– One foot on the little island makes one think of the first matter to solidify: Jerusalem, the Mount of Olives, at the time of Adam and Eve was Eden. In Astrogeographia and the Great Teachers Robert gives a description of this process that seems overly simplistic. He describes how this first mineralized matter occurred at the Fall in ancient Lemuria, at the time of the incarnation of the first two human beings, Adam and Eve. One gets a more complicated description from reading Steiner’s Occult Science. See pages 208-212 and page 221 of the most current version. It describes how, as the primal heat/fire condensed to Air, Saturn split off, creating the realm of “Saturn humans” who could only incarnate into heat/fire. Then after the Sun had split off, the Earth began to become liquid, and Jupiter was split off for those human beings who could only incarnate to the density of Air. Then as the Earth solidified, Mars split off, for the human beings who could only incarnate into Water. It was at this point, at the transition from Hyperborea to Lemuria that dense, solid land first came into being (at the site which is now Jerusalem). Finally it reached a crisis point of densification, and no human beings would have been able to incarnate. Adam and Eve, as the strongest souls, were the only two left who could still incarnate into these dense, material bodies. Strangely, they can be seen as the first humans to incarnate, but also the last. To facilitate their incarnation, the Moon separated, temporarily reversing the trend of densification on Earth; simultaneously the Fall occurred, and the first two human beings to incarnate as separate sexes appeared – Adam and Eve. The bodies of men were for a time much finer due to the separation into the sexes, and so the human souls who had retreated to other planetary spheres were able to return and begin their cycle of incarnations (as Death now became a reality, unlike the metamorphosis that occurred prior to this time). The Moon (Yahweh) becomes the Bearer of the Cross – bearing the solidifying forces that would have crippled the Earth.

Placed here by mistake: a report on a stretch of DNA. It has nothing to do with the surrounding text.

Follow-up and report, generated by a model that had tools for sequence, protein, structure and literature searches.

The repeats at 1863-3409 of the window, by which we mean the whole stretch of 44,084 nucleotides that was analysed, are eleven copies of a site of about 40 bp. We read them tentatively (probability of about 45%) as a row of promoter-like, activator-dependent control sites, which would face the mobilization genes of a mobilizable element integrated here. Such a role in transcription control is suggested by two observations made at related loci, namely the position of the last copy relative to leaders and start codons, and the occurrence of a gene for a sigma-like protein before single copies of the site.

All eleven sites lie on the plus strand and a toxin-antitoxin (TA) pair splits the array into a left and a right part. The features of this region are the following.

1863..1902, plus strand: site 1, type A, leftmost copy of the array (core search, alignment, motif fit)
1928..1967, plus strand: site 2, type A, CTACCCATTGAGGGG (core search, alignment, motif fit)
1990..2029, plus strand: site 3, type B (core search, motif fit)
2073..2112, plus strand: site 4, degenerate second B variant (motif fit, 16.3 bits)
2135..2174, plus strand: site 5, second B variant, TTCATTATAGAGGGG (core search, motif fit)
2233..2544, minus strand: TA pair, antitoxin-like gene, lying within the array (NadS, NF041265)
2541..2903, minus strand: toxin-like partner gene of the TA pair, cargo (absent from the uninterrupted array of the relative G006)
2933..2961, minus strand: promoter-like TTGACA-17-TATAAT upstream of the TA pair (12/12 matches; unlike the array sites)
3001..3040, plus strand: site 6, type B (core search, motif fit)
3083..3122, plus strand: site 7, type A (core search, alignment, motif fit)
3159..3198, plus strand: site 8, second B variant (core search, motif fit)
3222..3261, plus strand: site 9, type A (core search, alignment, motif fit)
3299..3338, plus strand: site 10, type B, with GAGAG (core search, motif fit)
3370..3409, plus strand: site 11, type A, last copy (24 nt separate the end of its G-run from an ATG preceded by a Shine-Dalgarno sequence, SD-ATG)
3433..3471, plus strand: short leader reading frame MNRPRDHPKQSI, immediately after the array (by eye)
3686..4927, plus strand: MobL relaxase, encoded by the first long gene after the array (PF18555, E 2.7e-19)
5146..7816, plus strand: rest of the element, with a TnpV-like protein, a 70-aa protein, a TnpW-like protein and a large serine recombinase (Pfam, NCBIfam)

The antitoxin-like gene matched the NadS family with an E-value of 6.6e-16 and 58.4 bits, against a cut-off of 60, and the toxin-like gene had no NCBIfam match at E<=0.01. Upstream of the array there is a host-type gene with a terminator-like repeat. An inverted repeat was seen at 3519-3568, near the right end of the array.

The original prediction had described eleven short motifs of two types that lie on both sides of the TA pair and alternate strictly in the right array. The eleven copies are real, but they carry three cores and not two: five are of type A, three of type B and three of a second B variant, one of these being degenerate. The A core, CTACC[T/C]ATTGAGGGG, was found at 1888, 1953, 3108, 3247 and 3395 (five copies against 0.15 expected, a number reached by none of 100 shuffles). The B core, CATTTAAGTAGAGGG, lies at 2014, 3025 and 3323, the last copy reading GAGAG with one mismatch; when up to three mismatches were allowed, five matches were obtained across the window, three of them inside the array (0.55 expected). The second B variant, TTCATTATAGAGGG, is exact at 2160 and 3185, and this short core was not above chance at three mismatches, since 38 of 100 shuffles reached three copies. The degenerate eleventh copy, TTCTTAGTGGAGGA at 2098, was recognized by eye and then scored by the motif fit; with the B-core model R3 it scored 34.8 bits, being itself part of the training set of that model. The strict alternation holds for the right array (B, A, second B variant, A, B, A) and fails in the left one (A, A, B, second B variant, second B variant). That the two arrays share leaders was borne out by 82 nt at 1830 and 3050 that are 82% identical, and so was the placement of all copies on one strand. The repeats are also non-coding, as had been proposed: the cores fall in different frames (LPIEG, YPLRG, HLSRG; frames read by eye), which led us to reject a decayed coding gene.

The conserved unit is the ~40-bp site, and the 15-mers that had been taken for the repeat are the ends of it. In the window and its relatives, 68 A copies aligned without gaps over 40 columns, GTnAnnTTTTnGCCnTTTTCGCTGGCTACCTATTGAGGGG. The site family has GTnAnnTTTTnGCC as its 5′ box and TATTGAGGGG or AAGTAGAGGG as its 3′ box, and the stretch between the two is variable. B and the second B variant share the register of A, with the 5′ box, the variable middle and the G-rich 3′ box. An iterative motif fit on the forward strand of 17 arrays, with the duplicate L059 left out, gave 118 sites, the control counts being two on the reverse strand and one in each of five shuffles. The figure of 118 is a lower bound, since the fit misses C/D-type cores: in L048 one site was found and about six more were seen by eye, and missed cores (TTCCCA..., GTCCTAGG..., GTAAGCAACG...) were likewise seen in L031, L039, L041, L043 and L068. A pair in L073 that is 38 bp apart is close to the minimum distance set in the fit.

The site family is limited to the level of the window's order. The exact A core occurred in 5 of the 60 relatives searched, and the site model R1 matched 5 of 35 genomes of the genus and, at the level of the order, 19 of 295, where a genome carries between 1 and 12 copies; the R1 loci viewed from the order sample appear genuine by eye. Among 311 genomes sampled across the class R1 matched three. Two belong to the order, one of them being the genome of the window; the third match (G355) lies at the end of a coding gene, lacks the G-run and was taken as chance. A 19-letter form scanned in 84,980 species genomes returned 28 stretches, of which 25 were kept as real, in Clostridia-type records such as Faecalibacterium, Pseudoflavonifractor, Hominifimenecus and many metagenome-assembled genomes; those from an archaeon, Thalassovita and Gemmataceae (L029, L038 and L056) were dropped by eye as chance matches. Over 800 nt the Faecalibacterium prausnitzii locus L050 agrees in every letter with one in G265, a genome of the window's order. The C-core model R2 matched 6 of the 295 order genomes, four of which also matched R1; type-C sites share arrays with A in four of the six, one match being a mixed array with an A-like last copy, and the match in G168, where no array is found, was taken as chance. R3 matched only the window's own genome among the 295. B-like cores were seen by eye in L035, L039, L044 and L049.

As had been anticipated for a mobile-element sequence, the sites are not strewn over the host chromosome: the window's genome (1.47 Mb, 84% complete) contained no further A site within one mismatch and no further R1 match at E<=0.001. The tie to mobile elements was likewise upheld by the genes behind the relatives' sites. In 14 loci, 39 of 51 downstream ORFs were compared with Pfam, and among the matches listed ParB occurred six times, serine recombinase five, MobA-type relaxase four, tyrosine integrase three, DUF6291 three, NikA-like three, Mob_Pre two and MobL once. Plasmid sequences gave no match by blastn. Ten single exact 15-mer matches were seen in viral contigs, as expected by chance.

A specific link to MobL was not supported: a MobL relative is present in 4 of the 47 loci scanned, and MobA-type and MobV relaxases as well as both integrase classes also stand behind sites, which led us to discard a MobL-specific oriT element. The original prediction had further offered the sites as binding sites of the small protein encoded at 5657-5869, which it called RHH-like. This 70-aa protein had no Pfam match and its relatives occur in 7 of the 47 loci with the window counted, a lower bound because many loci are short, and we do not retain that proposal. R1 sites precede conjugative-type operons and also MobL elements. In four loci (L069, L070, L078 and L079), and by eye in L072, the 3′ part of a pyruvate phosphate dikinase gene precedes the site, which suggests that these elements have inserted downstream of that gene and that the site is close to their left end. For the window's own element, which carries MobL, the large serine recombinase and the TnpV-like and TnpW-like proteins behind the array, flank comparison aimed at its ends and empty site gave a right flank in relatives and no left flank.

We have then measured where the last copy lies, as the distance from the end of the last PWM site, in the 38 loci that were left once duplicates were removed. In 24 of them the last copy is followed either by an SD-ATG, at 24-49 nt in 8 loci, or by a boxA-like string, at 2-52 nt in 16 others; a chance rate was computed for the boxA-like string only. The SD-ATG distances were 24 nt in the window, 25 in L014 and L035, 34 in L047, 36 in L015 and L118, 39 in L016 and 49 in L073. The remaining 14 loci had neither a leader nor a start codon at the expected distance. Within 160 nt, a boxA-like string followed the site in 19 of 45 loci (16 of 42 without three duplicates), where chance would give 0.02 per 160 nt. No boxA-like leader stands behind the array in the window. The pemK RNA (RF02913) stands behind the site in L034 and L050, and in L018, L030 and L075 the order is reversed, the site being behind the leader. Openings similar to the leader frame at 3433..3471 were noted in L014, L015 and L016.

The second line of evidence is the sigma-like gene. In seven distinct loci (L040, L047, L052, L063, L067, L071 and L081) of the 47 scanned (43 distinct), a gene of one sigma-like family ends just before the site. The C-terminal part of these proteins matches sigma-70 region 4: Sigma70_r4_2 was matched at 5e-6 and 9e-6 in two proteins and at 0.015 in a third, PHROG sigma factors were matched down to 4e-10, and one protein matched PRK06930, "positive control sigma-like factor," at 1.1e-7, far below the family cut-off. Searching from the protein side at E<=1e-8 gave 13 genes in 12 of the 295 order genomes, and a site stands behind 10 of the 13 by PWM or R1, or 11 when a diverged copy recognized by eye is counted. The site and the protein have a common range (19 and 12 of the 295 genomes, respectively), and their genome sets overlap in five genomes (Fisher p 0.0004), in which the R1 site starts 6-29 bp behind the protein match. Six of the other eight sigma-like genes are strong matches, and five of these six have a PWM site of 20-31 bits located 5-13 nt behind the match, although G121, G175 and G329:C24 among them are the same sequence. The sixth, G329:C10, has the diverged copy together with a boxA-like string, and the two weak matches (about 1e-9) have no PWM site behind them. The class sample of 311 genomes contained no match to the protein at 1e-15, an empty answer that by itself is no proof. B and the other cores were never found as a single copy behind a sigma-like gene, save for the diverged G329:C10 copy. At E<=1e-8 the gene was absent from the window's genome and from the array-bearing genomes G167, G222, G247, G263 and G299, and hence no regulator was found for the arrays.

– The Fall was a long process. Desire (strengthening simultaneously with the appearance of Mars) led to a denser and denser level of incarnation, driving the human Astral Body into the Physical Body. This led to the mercy of the Moon, the softening of the physical body once again. Until the separation of the sexes and of the Earth and Moon, there was no male and female. In a way there was only Male: Adam Kadmon. Eve is separated out from Adam (the Rib). Isn’t this the image of the transition we have just been looking at, from the Tower to the Star? Where obsessive desire leads to an over-hardening, which must be struck down (a Fall)? Then the Mercy of the appearance of Woman, the quenching of desire, the softening of that which was hardened, the return of Life (Eve) rather than Building (Adam=Earth, made of earth). In fact, Steiner has said that the male gender is like bread that has been left in the oven for too long – they are too densely embedded into the physical body. Whereas the female gender is like bread that is still a bit underdone, still more in touch with the etheric body and not entirely incarnated into the physical.
– In terms of the developmental/biographical perspective:
Death = Death
Temperance = 3-day etheric review
The Devil = 40 Days of Temptation
The Tower = Kamaloka (Moon Sphere)
The Star = Mercury Sphere
Here we have the transition from the hardness of the Moon Sphere, when we see all of our karmic failures, all of our offenses in reverse, to that of the Mercury Sphere, a realm of fluid, of healing, of coming back into relationship with other human beings. Although Steiner says we are hermits in the Mercury Sphere if we have not cultivated morality during our time on Earth. If we were licentious, we are alone, still parched for human contact (see https://www.rsarchive.org/Lectures/GA/index.php?ga=GA0140).
In some portrayals, like in the movie What Dreams May Come or the book The Great Divorce by CS Lewis, there are individuals who don’t realize that they are dead, that they are in the afterlife (usually purgatory). In a way, we also don’t realize that we are truly dead now, here in our limited Earth existence – that we will only come to true life, only be born, at death. Each of these realms, each of these planetary spheres is a realm of life in its own right. Each has its different qualities, however. For example, only on Earth can we change, can we develop ourselves – after our Earth life we are to some extent fixed, unless people on Earth come to our aid through activities such as reading to the Dead. Then something that maybe was missed by a soul while on Earth can light up within them.
We are excited for—not at all fearful of—Death.
– The Star is like the woman in CS Lewis’s Perelandra – the unfallen Eve of Venus, surrounded by water.
– The opening quote makes us think of certain individuals who have retained their vitality throughout their entire lives. How do we go about aging? Can we transform it into a process that yields greater and greater vitality?
We ended with the closing of the Grail Knight’s practice.